The final debate in Connecticut’s volatile race for governor starred Democrat Ned Lamont and Republican Bob Stefanowski, two major-party candidates close in the polls and intent on avoiding mistakes in the campaign’s final week, plus a third-party candidate desperate to show he is not a spoiler, Oz Griebel.
STORRS — The presence of a third candidate, Oz Griebel, in a gubernatorial debate Wednesday night did nothing to nudge Republican Bob Stefanowski and Democrat Ned Lamont toward providing details on how they would close a projected deficit of more than $2 billion or finance improvements to a rapidly failing transportation infrastructure.
NEW HAVEN — The Republican and Democratic candidates for governor pummeled each other in their second televised debate Monday, offering practiced one-liners that energized a Shubert Theater audience dominated by Realtors, while giving voters little new information on how either would close a projected deficit of $2.1 billion awaiting the next governor.
The first head-to-head debate by Democrat Ned Lamont and Republican Bob Stefanowski ended Wednesday night without Connecticut voters learning how either man would close a $2.1 billion deficit or how Stefanowski would begin to deliver on his audacious promise to eliminate the state income tax.
The gubernatorial campaign of Republican Bob Stefanowski declined an invitation Monday to the first debate of the general-election campaign: A forum on Connecticut’s economy at the University of St. Joseph that was to be broadcast on television by Fox61 and radio by WNPR on Sept. 5.
The five Republican candidates for governor navigated their final pre-primary debate Wednesday by staying in well-established lanes, broadly sketching approaches to stabilizing Connecticut’s finances and growing its economy, while carefully dodging potential distractions like gun control and abortion.
FAIRFIELD — Try as he might, Joseph P. Ganim could not provoke Ned Lamont into an argument Thursday, failing to draw the Democratic gubernatorial frontrunner into any exchange capable of altering the dynamics of a race that never stray far from one question: Can Ganim, a convicted extortionist, be a credible statewide candidate?
FAIRFIELD — On and off stage Wednesday night, the Republican gubernatorial field turned on Bob Stefanowski, reinforcing a narrative his opponents are promoting in public forums and new advertising: GOP primary voters cannot trust a man who enrolled as Democrat in 2016 and did not vote for Donald J. Trump — or anyone else — for president.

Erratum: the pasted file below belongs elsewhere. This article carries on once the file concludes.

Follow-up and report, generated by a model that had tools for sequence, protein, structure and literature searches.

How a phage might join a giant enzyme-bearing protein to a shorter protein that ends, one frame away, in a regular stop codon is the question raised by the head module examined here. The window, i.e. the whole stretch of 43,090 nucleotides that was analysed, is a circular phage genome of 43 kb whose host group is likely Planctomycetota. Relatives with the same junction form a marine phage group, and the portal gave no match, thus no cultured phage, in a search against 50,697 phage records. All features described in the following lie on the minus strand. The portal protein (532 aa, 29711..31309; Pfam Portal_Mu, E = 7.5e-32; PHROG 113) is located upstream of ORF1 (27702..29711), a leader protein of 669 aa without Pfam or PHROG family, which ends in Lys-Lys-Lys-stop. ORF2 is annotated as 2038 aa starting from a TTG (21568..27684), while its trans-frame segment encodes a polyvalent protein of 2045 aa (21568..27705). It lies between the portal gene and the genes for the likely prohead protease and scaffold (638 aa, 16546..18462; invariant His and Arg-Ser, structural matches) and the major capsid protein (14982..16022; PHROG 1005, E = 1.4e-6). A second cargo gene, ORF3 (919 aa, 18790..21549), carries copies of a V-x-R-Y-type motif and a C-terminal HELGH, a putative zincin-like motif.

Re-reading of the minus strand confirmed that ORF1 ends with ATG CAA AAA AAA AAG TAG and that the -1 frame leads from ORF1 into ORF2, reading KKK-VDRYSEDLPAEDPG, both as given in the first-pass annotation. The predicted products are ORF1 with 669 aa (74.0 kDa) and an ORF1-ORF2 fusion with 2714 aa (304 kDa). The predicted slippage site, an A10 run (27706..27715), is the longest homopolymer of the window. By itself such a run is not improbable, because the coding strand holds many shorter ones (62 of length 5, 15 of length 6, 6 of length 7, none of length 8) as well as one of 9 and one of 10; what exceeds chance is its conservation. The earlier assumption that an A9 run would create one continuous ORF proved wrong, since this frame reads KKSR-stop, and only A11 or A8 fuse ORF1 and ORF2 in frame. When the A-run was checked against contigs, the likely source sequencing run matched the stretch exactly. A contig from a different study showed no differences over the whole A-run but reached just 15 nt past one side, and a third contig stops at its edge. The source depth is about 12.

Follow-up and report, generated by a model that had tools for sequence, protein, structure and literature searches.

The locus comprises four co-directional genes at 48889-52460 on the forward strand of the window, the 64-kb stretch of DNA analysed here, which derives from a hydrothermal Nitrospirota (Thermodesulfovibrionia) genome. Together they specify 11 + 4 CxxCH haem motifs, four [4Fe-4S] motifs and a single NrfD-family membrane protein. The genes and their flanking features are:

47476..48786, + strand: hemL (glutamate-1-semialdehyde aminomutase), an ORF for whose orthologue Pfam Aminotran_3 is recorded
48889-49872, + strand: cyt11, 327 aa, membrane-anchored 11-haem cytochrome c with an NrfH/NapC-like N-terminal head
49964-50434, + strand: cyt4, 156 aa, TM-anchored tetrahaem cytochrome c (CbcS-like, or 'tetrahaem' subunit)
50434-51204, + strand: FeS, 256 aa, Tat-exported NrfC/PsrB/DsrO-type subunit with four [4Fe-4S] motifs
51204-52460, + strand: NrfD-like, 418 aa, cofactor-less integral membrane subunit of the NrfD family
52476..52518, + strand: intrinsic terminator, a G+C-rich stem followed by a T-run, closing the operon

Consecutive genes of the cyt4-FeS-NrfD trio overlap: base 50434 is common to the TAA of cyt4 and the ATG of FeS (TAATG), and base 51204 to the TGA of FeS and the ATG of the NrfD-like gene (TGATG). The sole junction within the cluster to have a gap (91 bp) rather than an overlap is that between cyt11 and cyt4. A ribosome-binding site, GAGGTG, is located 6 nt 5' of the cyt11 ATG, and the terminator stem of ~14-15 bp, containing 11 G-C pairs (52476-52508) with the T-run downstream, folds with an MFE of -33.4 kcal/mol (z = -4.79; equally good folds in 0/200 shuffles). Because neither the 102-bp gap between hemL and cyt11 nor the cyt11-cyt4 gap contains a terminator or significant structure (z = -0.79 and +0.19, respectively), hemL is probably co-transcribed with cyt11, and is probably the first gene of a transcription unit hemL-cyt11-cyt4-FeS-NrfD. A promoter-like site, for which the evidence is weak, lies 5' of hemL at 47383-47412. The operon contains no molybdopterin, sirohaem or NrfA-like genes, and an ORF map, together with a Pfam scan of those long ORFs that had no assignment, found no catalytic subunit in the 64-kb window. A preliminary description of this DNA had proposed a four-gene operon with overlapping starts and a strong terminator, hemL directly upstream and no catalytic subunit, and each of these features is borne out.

For a televised hour on Sunday, Republican Dan Carter occupied a rare patch of level ground in his steeply uphill race against Democratic U.S. Sen. Richard Blumenthal: They stood side by side at identical lecterns in their only scheduled debate.
In a final televised confrontation, Republican Tom Foley aggressively pushed Democratic Gov. Dannel P. Malloy on Sunday to match his 11th-hour promise to eliminate the state income tax on Social Security benefits and teacher pensions. They also debated art, sex and boat names.
Republican Mark Greenberg surprised U.S. Rep. Elizabeth Esty, D-5th District, at their final debate Tuesday by declaring himself open to a higher Social Security tax, despite attacking her in a new TV commercial for taking the same position.
Republican Tom Foley refused to say Thursday night during a gubernatorial debate with Democratic Gov. Dannel P. Malloy and petitioning candidate Joe Visconti if he believes mankind contributed to climate change or whether state policy could affect the phenomenon.
Whatever the question, Gov. Dannel P. Malloy and Republican Tom Foley pummeled each other Thursday in a tense debate broadcast on radio and television. Invitations to tell voters about their core values, moral philosophy and personal struggles with disability prompted only brief detours, then quick pivots to practiced talking points.
The campaign of Rep. Elizabeth Esty, D-5th District, said Republican challenger Mark Greenberg had pulled out of two of four proposed debates, but the Greenberg campaign said the debates were never scheduled.
Democratic Gov. Dannel P. Malloy and Republican Tom Foley sharply questioned each other’s character, ability and records Thursday night in the season’s wildest debate, a televised confrontation that resurrected Foley’s long-ago night in jail and Malloy’s brush with a mayoral corruption investigation in which he was cleared.